Case Study

Goetz Maschinenbau leverages H350 3D printer to enable production of parts at scale.

December 20, 2021

Learn about Goetz’s manufacturing facility, housing traditional machining equipment and Stratasys 3D printing technology.


Serving clients in the medical and traditional manufacturing markets, Goetz Maschinenbau is a Germany-based mechanical engineering company focused on specialized machining using CNC milling and CNC turning. With its machinery park, Goetz manufactures everything from prototypes and customized parts to small and medium sized series production runs. While traditional manufacturing methods such as turning, welding, molding and milling have been a staple part of Goetz over the years, 3D printing also plays a central role for the company across design and manufacturing. For ultrarealistic prototypes and concept models, the team deploys Stratasys PolyJet 3D printing, while Stratasys FDM technology is used for more functional prototyping, tooling and machine housings.

The H350™ 3D printer provides us with a strong solution for volume production to manufacture cost effectively and in short lead times.

The H350 uses an infrared sensitive HAF™ to fuse particles of polymer powder together in layers to build parts

However, when it comes to producing volumes of up to several thousand parts, Goetz has been reliant upon traditional manufacturing methods like injection molding. While part quality is great, this has come at a cost to the business with mold production extremely costly and time-intensive.


“When it comes to the manufacture of molds, the process can easily cost between 5,000-10,000 euros for each one, with lengthy lead times of 4-12 weeks. To make the investment financially viable, we need to produce a large batch of at least 50,000 parts,” explains Goetz’s owner, Philipp Goetz.


To overcome these challenges, the company sought a technology that would enable small to medium series production at a competitive price per part – and within short turnaround times. By doing so, Goetz knew that it would be able to continue to meet existing customer requirements more efficiently, while also strengthening its ability to expand its service offering to secure new business.


According to Goetz, the company first tested several sintering technologies, however it was not convinced by the constant danger of warping and inconsistencies across production parts. As a result, the company turned to Stratasys’ new H350™ 3D printer. Part of the H Series™ Production Platform of powder bed fusion-based 3D printers, the H350 has been conceived and engineered for production-level throughput of end-use parts.


Using Selective Absorption Fusion™, SAF™, technology, the H350 provides the accuracy, repeatability and process control essential for consistent production and competitive part costs. The technology uses an infrared-sensitive HAF™ High Absorbing Fluid to fuse particles of polymer powder together in layers to build parts. Accessing Big Wave™ powder management for powder distribution and industrial-grade Piezo-electric print heads, the fluid is jetted in prescribed areas to create each layer of the part. Exposure to infrared energy then causes the areas with HAF to melt and fuse together.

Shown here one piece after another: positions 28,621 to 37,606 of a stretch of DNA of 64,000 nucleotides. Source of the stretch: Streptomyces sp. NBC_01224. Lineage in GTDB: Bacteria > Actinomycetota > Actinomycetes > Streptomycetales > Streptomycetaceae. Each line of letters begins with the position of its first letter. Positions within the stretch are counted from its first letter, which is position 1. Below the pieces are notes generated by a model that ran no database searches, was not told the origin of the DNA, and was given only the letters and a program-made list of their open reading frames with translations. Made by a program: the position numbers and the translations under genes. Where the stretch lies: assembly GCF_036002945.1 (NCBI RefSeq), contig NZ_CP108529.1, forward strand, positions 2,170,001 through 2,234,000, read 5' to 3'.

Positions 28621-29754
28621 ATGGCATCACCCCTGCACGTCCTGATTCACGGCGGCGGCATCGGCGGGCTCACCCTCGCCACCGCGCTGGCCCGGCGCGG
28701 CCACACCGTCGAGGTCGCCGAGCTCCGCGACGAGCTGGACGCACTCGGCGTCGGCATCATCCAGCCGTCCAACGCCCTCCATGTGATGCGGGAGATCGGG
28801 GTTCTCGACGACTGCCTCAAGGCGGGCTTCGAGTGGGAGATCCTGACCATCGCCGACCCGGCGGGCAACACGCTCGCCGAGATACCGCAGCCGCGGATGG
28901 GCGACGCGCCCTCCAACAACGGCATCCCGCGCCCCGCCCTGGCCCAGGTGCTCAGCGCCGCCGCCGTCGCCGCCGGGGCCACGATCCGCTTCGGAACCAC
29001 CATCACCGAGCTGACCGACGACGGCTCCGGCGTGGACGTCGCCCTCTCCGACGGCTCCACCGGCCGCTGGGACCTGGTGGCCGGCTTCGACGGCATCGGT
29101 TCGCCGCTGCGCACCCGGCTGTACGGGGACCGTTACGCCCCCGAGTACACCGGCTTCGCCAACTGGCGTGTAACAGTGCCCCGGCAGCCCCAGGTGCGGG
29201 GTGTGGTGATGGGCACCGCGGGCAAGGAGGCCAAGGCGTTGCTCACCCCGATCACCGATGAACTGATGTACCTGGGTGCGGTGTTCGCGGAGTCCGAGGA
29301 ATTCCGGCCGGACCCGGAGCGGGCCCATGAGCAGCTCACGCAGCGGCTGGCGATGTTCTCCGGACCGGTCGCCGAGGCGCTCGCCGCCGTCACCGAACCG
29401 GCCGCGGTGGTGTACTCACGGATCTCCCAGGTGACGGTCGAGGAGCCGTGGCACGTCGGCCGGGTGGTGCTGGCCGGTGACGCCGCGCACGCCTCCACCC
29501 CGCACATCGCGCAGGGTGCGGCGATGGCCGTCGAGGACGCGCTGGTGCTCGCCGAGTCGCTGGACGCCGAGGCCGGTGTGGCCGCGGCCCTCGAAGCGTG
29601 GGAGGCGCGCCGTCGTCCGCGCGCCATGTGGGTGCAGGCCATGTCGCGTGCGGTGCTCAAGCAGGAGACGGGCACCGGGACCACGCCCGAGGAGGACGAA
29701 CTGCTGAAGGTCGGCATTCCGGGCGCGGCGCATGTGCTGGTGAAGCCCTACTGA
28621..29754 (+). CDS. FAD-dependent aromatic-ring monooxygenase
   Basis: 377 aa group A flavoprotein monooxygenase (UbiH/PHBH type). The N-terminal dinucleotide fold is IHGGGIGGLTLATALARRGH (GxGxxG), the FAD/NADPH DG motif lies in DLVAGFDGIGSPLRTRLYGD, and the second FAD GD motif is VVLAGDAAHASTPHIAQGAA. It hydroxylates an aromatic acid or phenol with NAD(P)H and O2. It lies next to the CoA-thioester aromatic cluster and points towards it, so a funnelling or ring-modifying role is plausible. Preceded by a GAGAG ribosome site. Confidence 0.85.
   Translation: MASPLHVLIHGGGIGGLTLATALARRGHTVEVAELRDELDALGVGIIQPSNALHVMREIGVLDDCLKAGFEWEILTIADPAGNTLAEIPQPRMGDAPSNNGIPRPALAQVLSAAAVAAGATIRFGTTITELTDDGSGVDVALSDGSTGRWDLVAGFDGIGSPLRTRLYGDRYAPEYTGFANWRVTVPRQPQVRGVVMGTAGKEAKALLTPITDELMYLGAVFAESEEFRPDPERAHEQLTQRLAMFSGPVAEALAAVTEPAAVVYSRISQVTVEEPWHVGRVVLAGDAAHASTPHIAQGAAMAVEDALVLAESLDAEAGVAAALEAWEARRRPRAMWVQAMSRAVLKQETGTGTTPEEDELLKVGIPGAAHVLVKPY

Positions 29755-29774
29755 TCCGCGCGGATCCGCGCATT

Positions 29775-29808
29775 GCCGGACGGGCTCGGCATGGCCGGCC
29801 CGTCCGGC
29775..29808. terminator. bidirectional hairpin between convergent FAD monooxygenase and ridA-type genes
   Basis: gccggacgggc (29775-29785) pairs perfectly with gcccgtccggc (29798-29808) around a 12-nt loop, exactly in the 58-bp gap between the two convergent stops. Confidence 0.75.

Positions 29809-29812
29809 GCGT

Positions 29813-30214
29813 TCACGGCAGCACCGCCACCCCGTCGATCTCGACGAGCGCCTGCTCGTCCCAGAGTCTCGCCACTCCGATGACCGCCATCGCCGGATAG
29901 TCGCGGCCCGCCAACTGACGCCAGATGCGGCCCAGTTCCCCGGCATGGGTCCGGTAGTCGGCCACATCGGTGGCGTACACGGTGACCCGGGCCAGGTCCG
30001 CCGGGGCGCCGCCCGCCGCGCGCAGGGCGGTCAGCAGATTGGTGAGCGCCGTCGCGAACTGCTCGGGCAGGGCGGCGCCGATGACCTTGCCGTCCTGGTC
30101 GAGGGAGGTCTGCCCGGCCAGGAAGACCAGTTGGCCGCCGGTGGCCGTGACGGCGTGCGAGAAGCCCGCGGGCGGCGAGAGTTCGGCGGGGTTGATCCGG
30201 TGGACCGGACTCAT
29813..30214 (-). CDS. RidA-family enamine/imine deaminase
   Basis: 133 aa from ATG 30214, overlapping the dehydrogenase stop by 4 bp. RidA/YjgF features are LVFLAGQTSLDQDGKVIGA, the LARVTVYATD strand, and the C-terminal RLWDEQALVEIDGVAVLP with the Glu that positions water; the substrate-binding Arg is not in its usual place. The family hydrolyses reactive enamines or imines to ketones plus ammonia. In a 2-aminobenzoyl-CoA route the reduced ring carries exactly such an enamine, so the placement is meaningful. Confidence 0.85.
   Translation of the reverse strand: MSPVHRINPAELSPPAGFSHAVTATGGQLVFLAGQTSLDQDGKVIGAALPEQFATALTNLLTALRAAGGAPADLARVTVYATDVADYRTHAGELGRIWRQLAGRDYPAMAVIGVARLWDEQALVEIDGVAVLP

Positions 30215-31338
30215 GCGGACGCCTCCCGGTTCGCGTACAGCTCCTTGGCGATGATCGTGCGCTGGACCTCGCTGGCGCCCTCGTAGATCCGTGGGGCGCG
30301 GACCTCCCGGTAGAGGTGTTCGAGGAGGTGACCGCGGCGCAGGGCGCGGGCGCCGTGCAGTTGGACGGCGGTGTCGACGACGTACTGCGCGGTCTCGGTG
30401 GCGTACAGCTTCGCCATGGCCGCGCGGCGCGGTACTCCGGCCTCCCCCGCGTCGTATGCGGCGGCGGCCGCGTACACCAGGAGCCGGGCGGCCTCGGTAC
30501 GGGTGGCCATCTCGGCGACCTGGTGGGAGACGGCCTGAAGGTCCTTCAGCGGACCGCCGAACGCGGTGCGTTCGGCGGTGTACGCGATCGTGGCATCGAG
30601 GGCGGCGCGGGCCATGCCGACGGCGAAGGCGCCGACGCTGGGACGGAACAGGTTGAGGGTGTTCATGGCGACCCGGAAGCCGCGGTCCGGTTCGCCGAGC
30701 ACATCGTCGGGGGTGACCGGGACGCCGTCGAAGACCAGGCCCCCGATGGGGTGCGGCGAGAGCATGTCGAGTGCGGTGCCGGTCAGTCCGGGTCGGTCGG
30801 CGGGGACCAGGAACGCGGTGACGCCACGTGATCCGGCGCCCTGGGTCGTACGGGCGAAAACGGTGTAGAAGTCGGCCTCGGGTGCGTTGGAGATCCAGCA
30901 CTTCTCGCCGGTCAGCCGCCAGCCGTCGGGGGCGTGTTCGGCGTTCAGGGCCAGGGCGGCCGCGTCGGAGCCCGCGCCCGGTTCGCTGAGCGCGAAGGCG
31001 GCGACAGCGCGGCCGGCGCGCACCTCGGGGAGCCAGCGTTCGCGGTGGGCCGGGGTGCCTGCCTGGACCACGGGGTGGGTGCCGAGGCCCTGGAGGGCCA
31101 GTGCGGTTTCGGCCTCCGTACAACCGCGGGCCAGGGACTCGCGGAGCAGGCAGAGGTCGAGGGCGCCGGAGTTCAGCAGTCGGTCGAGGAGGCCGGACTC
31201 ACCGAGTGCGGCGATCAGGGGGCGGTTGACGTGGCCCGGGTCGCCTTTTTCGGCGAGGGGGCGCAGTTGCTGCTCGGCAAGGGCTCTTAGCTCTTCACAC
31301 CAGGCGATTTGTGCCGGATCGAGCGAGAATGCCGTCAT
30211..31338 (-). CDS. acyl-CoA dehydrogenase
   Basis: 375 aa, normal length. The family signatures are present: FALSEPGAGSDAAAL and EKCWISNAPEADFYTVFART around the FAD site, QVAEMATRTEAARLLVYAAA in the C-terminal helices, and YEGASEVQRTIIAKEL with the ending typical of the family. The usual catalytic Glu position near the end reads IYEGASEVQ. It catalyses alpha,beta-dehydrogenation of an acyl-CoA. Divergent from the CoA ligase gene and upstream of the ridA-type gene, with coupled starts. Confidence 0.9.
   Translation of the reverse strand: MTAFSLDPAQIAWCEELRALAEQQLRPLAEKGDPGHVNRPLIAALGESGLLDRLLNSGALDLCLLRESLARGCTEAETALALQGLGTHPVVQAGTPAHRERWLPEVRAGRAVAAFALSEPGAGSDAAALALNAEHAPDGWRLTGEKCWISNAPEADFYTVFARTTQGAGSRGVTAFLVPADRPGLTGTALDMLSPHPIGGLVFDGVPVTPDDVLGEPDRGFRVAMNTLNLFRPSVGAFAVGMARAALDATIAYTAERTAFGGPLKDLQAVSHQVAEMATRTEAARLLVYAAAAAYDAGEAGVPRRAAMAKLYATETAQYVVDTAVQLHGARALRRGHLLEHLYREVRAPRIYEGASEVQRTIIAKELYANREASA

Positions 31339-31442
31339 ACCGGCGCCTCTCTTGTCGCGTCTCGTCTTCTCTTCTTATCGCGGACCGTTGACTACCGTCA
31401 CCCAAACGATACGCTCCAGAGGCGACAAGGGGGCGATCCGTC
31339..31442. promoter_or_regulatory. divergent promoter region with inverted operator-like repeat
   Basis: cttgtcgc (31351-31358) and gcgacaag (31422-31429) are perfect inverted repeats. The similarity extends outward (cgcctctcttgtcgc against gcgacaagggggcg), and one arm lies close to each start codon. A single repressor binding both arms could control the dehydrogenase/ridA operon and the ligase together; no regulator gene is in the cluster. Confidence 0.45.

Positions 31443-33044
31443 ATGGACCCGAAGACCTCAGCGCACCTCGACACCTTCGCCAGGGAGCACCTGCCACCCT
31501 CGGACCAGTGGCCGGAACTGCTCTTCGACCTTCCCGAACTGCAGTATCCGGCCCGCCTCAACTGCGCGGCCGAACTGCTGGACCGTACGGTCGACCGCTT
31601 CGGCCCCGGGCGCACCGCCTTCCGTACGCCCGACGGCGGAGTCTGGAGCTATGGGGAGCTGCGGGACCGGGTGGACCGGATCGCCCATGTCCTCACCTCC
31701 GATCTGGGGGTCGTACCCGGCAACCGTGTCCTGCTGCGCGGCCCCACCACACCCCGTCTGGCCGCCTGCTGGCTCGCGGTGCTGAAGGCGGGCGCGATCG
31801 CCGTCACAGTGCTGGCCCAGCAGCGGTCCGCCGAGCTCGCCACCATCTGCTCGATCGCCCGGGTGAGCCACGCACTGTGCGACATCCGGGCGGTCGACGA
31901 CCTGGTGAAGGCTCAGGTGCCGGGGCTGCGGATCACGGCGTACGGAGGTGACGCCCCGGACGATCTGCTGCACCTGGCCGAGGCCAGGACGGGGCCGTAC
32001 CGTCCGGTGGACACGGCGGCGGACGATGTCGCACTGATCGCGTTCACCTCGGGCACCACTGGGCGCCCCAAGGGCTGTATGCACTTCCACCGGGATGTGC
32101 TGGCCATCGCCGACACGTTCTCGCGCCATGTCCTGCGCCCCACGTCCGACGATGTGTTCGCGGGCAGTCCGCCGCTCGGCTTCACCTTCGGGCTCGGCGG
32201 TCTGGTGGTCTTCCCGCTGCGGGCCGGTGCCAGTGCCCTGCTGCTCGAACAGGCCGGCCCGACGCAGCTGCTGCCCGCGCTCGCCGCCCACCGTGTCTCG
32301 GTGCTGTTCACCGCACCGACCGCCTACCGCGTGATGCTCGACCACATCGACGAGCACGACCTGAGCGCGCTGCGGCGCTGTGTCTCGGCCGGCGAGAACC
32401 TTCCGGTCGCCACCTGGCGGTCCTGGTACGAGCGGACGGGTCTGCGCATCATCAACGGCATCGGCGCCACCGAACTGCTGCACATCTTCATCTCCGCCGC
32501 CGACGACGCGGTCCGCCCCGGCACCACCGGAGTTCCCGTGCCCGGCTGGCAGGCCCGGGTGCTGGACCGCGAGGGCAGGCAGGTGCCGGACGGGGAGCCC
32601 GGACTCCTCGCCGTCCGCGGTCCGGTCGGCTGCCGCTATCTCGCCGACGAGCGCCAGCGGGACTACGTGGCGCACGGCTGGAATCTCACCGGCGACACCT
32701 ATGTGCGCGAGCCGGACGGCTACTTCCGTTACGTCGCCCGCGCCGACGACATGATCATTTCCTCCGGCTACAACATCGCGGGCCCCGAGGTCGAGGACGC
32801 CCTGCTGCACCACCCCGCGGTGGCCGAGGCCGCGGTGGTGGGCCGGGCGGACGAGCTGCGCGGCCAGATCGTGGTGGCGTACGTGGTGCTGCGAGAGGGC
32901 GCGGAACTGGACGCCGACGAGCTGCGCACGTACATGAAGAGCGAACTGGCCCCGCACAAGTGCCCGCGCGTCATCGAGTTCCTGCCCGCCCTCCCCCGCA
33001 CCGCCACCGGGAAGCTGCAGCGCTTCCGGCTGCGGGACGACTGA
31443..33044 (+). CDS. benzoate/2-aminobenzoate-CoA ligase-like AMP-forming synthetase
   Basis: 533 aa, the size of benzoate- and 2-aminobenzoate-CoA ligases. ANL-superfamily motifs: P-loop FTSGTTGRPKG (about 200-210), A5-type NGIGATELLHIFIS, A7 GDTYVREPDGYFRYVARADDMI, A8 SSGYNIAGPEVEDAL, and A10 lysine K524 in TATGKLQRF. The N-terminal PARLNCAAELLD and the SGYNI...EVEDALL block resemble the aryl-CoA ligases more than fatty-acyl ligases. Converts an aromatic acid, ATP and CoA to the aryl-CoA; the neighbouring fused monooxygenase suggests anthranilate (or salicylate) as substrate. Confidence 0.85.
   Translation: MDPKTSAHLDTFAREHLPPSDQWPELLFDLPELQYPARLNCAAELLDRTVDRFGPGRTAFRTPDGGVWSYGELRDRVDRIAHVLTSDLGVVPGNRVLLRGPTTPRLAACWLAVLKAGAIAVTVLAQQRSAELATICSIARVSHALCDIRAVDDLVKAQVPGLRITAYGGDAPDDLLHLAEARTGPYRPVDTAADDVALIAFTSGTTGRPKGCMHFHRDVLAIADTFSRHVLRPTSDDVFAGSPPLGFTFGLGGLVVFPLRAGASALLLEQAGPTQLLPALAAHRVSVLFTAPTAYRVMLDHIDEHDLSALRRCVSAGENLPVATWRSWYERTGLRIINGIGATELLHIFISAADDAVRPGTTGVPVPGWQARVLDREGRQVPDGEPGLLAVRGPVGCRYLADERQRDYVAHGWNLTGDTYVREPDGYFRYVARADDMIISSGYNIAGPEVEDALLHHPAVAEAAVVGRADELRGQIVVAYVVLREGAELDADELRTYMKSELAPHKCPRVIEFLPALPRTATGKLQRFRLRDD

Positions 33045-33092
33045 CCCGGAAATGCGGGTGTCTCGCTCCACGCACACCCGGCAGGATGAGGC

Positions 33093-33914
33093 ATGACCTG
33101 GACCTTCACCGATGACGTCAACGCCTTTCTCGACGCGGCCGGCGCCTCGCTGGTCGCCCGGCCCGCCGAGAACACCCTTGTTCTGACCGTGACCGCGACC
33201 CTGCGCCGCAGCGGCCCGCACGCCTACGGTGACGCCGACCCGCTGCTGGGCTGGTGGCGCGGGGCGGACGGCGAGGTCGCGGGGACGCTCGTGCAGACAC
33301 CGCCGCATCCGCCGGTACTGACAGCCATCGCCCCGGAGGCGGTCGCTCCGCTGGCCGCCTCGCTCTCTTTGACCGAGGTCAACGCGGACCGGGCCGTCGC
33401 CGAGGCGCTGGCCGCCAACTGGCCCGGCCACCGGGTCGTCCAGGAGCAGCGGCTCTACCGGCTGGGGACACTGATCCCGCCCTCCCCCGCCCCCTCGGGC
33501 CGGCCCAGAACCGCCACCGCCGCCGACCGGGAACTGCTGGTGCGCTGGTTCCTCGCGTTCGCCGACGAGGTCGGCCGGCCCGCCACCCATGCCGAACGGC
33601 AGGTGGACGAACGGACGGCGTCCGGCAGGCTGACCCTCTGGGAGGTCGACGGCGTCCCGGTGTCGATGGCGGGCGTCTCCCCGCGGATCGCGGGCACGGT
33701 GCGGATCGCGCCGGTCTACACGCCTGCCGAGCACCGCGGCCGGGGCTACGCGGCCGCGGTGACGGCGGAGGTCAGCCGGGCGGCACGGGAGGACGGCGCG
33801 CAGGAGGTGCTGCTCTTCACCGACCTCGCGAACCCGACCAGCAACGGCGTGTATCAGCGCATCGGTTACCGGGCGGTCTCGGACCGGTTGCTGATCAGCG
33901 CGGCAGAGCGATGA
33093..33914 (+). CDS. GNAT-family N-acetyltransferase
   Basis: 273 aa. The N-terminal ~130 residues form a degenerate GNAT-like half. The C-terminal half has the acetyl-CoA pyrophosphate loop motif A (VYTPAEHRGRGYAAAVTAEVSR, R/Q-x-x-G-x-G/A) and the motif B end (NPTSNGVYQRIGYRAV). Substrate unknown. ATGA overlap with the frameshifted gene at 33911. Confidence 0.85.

Achieving volume production in a short turnaround.

According to Philipp Goetz, the company’s new firepower confronts and overcomes some of the company’s foremost manufacturing challenges. “The H350 3D printer provides us with a strong solution for volume production to manufacture cost-effectively and in short lead times,” he explains.


“We are currently manufacturing a part the size of my little finger – for small parts such as this, we are able to fit around 1000 parts onto the H350’s build tray. Importantly, this means that within 24 hours, we are able to produce the entire order, which is incredible. Over several weeks, we can scale this up to 3D printing tens of thousands of parts quite easily, which are numbers we would never be able to realize with injection molding in such a short space of time – and definitely not at that cost,” he continues.


The H350’s SAF technology also ensures high levels of accuracy and quality. The 3D printer’s counter-rotating roller coats powder layers onto the print bed and prints absorber fluid to image the part layers. A passing IR lamp fuses the imaged layers over the entire span of the print bed, providing uniform thermal conditions to ensure part consistency for all build parts on the print tray.


“Whether we print 5, 50 or 500 parts, we can assure our customers that the quality is consistent across the build tray,” says Mr. Goetz. For Mr. Goetz, the H350’s SAF technology is central to the company’s ability to maintain quality and repeatability when producing parts for customers.


“Sintering technologies have never sat comfortably with me, simply because of the risk of warping and the risk of parts not having uniform quality,” he explains. “The H350 takes that risk away, as the technology ensures repeatability of parts. We can therefore not only use it for simple production parts, but also for very complex geometries – without compromising on part quality.”

The H350’s SAF technology ensures high levels of accuracy and quality for production parts

Opening up new possibilities.

Despite only installing the H350 relatively recently, Goetz Maschinenbau has already noticed a significant impact on part and volume production. As it integrates the technology further within its operations, the company hopes to leverage new opportunities from it. 


goetz two guys

“For end use parts especially, we anticipate that the H350 will enable us to extend our service offering to address a wider range of volume production applications. This will be a huge benefit for existing customers, but moreover, will improve our ability to go after new clients in new markets,” he concludes.


The Stratasys H350

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